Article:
The Sinn Fein chiefs, Gerry Adams and Martin McGuinness, stood on ground previously occupied by Unionist leaders such as the Rev Ian Paisley, as their supporters celebrated a symbolic breakthrough.
By permission of the RUC, the annual August republican march for the first time entered the city centre instead of being confined to the west Belfast ghetto. A police cordon kept the crowds out of the city hall grounds, but all around became a sea of green, white and yellow.
Army helicopters and an RUC spotter plane droned overhead and the side streets held scores of Land Rovers and hundreds of police officers, but there was no serious trouble. From the platform Sinn Fein leaders vowed their fight would continue.
In addition to republicans there were small contingents from the US- based Noraid, the Troops Out Movement and of Catalan separatists.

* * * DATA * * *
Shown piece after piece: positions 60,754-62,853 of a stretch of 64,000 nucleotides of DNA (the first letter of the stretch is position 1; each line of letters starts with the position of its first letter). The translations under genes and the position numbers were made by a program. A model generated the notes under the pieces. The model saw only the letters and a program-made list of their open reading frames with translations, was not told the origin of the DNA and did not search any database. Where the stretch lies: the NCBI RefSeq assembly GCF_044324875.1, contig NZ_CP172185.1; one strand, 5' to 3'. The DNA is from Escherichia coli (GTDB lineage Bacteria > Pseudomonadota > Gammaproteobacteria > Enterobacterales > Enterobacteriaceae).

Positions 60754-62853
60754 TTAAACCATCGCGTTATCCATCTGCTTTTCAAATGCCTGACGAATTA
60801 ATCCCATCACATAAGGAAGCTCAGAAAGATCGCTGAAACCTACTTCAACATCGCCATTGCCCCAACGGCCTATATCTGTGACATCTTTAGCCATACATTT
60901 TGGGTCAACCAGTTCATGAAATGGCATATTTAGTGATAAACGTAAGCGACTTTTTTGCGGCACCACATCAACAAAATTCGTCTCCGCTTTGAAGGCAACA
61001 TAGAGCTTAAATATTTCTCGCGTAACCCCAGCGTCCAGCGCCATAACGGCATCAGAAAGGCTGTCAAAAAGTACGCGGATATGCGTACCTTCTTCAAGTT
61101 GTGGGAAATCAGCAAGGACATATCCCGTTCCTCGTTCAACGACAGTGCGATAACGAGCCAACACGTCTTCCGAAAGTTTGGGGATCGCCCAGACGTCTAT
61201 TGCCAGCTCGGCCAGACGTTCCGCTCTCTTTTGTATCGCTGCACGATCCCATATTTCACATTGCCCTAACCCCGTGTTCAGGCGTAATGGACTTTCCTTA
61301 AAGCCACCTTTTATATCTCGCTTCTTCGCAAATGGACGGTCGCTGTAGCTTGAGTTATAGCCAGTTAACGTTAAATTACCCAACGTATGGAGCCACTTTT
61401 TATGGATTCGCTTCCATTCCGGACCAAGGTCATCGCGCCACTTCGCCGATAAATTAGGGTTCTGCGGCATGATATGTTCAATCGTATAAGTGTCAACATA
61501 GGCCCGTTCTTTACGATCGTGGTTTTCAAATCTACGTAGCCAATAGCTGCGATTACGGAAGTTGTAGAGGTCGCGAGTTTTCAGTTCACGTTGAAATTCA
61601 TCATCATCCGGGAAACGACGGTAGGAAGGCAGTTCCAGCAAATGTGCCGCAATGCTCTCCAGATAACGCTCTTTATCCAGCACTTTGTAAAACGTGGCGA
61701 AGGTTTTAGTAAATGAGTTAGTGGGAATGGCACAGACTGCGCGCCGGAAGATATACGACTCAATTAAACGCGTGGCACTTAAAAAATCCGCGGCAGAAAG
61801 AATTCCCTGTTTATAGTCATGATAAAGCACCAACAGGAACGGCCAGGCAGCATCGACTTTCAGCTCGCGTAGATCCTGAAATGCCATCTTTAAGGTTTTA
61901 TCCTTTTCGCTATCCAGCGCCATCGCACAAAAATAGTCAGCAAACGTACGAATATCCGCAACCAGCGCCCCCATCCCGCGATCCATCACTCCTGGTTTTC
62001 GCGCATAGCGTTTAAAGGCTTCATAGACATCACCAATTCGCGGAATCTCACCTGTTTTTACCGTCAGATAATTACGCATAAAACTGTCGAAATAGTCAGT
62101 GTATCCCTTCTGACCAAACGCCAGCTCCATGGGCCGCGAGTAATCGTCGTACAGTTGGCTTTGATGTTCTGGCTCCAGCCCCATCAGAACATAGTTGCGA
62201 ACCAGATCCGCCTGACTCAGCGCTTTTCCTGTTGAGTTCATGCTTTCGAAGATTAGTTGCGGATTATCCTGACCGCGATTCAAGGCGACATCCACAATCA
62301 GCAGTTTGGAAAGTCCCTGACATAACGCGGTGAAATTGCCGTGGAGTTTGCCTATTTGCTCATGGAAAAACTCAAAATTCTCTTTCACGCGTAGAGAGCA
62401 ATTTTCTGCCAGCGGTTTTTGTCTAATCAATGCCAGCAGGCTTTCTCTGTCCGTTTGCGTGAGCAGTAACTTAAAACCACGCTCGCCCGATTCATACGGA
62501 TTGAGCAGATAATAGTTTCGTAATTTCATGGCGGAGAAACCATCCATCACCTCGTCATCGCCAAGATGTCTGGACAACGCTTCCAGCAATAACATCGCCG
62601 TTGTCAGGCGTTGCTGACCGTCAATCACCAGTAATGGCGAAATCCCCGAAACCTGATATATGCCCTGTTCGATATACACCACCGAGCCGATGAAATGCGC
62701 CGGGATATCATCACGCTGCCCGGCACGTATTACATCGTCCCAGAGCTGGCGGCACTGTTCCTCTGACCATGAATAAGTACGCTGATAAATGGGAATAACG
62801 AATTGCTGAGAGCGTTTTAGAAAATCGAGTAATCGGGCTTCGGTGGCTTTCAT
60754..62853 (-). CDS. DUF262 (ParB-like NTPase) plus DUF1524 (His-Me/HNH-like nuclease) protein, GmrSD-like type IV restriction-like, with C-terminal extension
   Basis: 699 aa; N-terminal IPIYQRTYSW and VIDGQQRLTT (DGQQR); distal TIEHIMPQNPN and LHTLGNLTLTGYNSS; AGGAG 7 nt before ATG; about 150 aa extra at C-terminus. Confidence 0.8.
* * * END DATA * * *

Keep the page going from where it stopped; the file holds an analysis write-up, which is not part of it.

It was unclear why yesterday's march was allowed when others have been stopped. But whatever the reason, the republicans took it as a sign of the times. Mr McGuinness described Belfast as a nationalist city, while a Sinn Fein councillor, Alex Maskey, declared: 'We are on the up. We will have our civil rights and we will have our national rights.' When he asked the crowd, 'Who does this city belong to?' they shouted: 'Us.'
This was in part a reference to demographic changes in Belfast, where the Catholic population is now approaching 50 per cent as Protestants move out to satellite towns. By no means all Catholics back Sinn Fein, but the party is the second largest on the city council, on which Unionists now have only a small majority.
Sean Lavery, 21, the son of Bobby Lavery, a Sinn Fein councillor, was shot dead last night by loyalists who fired into his home in Antrim Road, north Belfast. The outlawed Ulster Freedom Fighters later claimed responsibility for the attack.
Last month Bobby Lavery escaped unhurt when loyalists tried to bomb a Sinn Fein office. Last December loyalists killed his brother, Martin.Reuse content